Papers with the Inflation Reduction Act and US flag.


Green tensions are spilling into the open ahead of a U.S.-EU ministerial meeting on Monday of the Trade and Technology Council. The bloc claims that the Americans aren’t creating a level playing field, with much of the $370B Inflation Reduction Act going towards clean technology. The green energy subsidies and tax breaks are aimed at boosting domestic production for U.S. companies as the government plow billions into businesses involved in electric vehicle technology and the energy transition.

Quote: “The new assertive industrial policy of our competitors requires a structural answer,” declared Ursula von der Leyen, the president of the European Commission. “There is a risk that the Inflation Reduction Act could lead to unfair competition, could close markets and fragment critical supply chains. We must take action to rebalance the playing field… to improve our state aid frameworks. In other words: We need to do our homework in Europe and at the same time work with the U.S. to mitigate competitive disadvantages.”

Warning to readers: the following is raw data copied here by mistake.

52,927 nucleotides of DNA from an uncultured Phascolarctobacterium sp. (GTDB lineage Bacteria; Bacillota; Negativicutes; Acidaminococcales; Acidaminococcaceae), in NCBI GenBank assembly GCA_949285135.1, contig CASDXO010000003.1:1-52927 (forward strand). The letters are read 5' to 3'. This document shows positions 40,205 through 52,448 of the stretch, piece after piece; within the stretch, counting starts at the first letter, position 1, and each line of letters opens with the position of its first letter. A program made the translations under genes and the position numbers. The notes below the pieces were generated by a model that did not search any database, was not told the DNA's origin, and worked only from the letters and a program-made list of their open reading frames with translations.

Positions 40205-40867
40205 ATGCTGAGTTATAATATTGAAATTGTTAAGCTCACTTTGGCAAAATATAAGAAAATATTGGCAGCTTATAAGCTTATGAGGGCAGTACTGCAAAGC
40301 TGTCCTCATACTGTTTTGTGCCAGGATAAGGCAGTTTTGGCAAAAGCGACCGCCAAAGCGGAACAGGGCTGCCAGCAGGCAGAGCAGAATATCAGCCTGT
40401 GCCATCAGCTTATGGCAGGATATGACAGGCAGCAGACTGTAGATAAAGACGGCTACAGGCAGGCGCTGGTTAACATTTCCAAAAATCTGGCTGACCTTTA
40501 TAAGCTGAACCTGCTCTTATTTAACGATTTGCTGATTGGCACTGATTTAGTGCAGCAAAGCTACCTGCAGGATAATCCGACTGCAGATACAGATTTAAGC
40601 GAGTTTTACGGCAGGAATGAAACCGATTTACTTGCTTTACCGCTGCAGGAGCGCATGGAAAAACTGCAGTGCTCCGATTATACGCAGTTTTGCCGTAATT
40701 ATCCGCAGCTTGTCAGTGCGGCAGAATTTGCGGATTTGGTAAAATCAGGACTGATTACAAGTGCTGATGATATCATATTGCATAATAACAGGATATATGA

Things are looking even more intense after the head of the European Parliament’s trade committee said that elements of Inflation Reduction Act would mean that the EU needs to file a complaint at the World Trade Organization. It’s not only about luring investors away from Europe, but also shutting out European companies that could benefit from the tax breaks and subsidies that are only available for U.S.-based businesses. Some even think that things could quickly morph into a trade war if things cannot be settled diplomatically.

More assertive policies: “We are very careful to avoid distortions in our single market, but we must also be responsive to the increasing global competition on clean tech,” von der Leyen continued. “If we see that investments in strategic sectors are leaking away from the EU, this would only undermine the single market. That is why we are now reflecting on how to simplify and adapt our state aid rules.”